I have mixed feelings about Barbie and her effect on girls' self-images as they grow up. But it's not worth a rant today. After all, Barbie's getting older, too, and I can identify with that. 


I am pleased to report that so far Darling Granddaughter #1 prefers her stuffed animals, particularly Tigger, and Darling Granddaughter #2 cuddles with the Grinch. She has tried to chew his nose off, but no luck yet. 

Tuesday, March 8, 2011

Just Shy of Paradise - new book out!


When Lily's valuable fishing pole is stolen, her Native American friend Sky is charged with the crime. But things are not always as they seem in this intriguing tale of romance, secrets, and betrayal.

available at amazon.com and Brigham Distributing 
 (click on book title)

Tuesday, March 1, 2011

Book Review: Journey of Honor


Journey of Honor
A Love Story
byJaclyn M. Hawkes

I found ten definitions of “honor” in my dictionary. Here are three that apply to this book and form the backbone of the story:
  1. honesty, fairness, or integrity in one's beliefs and actions: a man of honor
  2. a source of credit or distinction: to be an honor to one's family 
  3. high respect, as for worth, merit, or rank: to be held in honor


These phrases from the dictionary also typify the behaviors of the main characters:
  1. in honour bound: under a moral obligation
  2. in honor of: out of respect for 
  3. on one’s honour, upon one’s honour, on the pledge of one’s word or good name.


Sometimes it seems that the concept of honor has taken quite a beating over time, and some people may find these definitions old-fashioned and even outmoded, but Journey of Honor illustrates the ideal of honor in its original context.

Giselle, a young LDS Dutch woman, is determined to reach Zion with her grandparents. A victim of mob violence, she demonstrates remarkable strength and endurance in everything she does. Trace Grayson sets his medical career aside for a while, disgusted with racial issues that abound in Georgia. He begins to take goods to the territories, transporting them from east to west by teamster train. Giselle and Trace meet on the street in St. Joseph, Missouri, and the attraction is mutual.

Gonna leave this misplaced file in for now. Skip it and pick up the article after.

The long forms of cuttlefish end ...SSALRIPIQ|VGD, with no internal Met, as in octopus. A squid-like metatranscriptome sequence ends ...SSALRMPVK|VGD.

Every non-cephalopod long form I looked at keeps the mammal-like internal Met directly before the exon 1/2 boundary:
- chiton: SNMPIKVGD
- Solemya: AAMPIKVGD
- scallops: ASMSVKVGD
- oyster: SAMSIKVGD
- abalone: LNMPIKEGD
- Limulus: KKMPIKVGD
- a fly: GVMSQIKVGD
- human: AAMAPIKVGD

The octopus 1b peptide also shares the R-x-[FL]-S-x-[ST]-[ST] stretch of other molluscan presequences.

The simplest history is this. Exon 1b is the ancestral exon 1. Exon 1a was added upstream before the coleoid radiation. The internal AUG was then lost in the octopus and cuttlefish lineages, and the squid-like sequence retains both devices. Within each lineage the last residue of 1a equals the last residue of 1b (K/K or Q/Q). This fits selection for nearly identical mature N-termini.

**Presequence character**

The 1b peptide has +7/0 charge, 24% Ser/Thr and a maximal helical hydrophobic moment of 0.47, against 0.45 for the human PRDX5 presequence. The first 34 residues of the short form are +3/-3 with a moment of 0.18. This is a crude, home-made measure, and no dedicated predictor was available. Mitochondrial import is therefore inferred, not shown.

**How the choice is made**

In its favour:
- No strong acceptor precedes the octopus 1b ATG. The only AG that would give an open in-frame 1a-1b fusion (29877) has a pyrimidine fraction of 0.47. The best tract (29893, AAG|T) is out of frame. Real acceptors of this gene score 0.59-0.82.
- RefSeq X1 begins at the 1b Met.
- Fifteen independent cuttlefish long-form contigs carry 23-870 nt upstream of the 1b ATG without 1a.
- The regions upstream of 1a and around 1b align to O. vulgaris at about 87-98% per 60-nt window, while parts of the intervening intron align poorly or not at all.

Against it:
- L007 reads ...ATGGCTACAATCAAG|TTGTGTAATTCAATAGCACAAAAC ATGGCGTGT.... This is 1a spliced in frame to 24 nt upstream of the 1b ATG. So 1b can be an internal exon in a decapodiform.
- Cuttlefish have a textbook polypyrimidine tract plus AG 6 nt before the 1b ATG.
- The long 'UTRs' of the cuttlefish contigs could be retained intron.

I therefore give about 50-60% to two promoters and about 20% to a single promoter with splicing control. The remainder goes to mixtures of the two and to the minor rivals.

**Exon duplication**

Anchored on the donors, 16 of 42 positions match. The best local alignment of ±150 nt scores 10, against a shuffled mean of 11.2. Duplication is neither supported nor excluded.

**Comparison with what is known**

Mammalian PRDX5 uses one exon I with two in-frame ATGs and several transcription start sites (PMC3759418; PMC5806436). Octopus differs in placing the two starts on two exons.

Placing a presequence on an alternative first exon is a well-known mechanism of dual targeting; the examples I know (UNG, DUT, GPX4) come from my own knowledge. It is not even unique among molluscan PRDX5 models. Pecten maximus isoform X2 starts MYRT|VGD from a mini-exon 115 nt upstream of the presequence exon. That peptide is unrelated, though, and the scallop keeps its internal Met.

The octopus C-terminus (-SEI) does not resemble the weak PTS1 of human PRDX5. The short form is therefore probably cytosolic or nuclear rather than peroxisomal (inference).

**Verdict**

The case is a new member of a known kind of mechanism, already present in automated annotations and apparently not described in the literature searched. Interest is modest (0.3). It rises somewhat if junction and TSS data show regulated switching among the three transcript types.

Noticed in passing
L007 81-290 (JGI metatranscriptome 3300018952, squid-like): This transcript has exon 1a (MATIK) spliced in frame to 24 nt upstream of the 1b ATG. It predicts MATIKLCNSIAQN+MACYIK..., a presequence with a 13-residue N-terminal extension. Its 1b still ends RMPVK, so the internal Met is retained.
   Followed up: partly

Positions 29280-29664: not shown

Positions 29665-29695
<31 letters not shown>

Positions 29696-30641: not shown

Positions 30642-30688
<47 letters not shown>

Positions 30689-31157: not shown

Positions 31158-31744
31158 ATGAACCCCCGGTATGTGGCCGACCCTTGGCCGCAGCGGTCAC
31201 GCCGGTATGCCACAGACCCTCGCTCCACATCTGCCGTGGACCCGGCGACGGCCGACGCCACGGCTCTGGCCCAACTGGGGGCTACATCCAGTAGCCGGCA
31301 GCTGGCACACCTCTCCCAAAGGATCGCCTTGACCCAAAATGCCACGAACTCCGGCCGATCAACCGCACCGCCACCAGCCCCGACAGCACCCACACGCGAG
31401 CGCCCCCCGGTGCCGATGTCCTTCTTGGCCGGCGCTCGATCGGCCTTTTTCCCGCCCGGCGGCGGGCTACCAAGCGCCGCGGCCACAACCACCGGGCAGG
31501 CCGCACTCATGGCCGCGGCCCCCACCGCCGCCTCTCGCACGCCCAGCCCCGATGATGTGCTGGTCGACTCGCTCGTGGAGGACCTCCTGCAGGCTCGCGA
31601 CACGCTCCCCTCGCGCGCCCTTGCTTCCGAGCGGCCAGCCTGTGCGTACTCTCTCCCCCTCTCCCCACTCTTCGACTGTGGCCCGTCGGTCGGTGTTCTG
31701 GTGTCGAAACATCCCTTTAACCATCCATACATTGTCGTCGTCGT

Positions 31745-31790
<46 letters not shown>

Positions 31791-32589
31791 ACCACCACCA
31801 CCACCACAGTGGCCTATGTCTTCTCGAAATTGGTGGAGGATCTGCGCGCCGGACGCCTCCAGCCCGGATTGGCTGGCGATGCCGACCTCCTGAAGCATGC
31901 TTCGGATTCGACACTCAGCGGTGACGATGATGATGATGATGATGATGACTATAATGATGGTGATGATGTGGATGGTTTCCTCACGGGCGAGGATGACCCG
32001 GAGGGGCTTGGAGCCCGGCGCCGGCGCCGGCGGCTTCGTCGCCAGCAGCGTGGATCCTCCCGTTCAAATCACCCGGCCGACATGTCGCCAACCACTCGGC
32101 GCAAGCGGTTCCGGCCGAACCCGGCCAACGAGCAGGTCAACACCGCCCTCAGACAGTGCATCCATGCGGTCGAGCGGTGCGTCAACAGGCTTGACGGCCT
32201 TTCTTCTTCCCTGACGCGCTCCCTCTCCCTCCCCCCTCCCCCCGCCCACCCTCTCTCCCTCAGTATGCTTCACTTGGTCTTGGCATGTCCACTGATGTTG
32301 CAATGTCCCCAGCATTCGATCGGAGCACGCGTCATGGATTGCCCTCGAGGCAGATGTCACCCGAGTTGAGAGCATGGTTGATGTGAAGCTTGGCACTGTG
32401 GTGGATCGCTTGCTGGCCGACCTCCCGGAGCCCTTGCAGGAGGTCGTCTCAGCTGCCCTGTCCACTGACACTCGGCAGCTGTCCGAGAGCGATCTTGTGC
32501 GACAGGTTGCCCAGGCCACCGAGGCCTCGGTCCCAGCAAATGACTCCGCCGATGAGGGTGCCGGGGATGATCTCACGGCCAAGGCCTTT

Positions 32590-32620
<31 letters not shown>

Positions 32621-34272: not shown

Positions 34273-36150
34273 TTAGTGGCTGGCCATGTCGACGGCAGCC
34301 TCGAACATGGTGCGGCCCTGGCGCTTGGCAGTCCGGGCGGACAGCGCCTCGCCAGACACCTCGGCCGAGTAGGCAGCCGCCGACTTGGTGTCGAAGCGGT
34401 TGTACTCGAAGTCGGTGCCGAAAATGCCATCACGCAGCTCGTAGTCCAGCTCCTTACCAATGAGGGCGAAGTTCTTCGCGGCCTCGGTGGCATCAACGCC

Quickly married ("in name only") to protect Giselle from a false accusation and to protect her as she travels west, these two young strangers have many experiences on the trail that reveal their true natures to us and each other. They are tried in just about every way imaginable, and even pestered by a native American who becomes obsessed with Giselle, offering many horses and other possessions for her. But she’s not for sale, and eventually convinces him with an outburst of her “Dutch temper.”

We’re engaged with these characters and we want them to survive their arduous journey – both physically and spiritually. There are many examples from both realms in this story, and Giselle and Trace prove equal to their challenges. A special moment (I won’t give it away) suggests the gift of tongues guiding a character’s thoughts and beliefs.

When Trace and Giselle finally reach Salt Lake City, it’s a bittersweet time; she is committed to joining the Saints and becoming a plural wife, and he is committed to take his goods onward to California. It takes the intervention of Brigham Young to suggest other possibilities to these two honorable people.

Journey of Honor is an enjoyable and uplifting read and the book has an attractive cover. I do fault the editors for not catching slang words and phrases such as “pretty up front” and “he’d deal with the whole leaving thing later.” These are just two examples of modern language forms that jolt the reader out of the 1840s and into the present, where we don’t want to be. We want to stay immersed in the story and find out what happens next. 



Journey of Honor
Jaclyn M. Hawkes

ISBN: 978-59936-059-1
Cost: $14.95, paperback
Granite Publishing
Salt Lake City, Utah
2010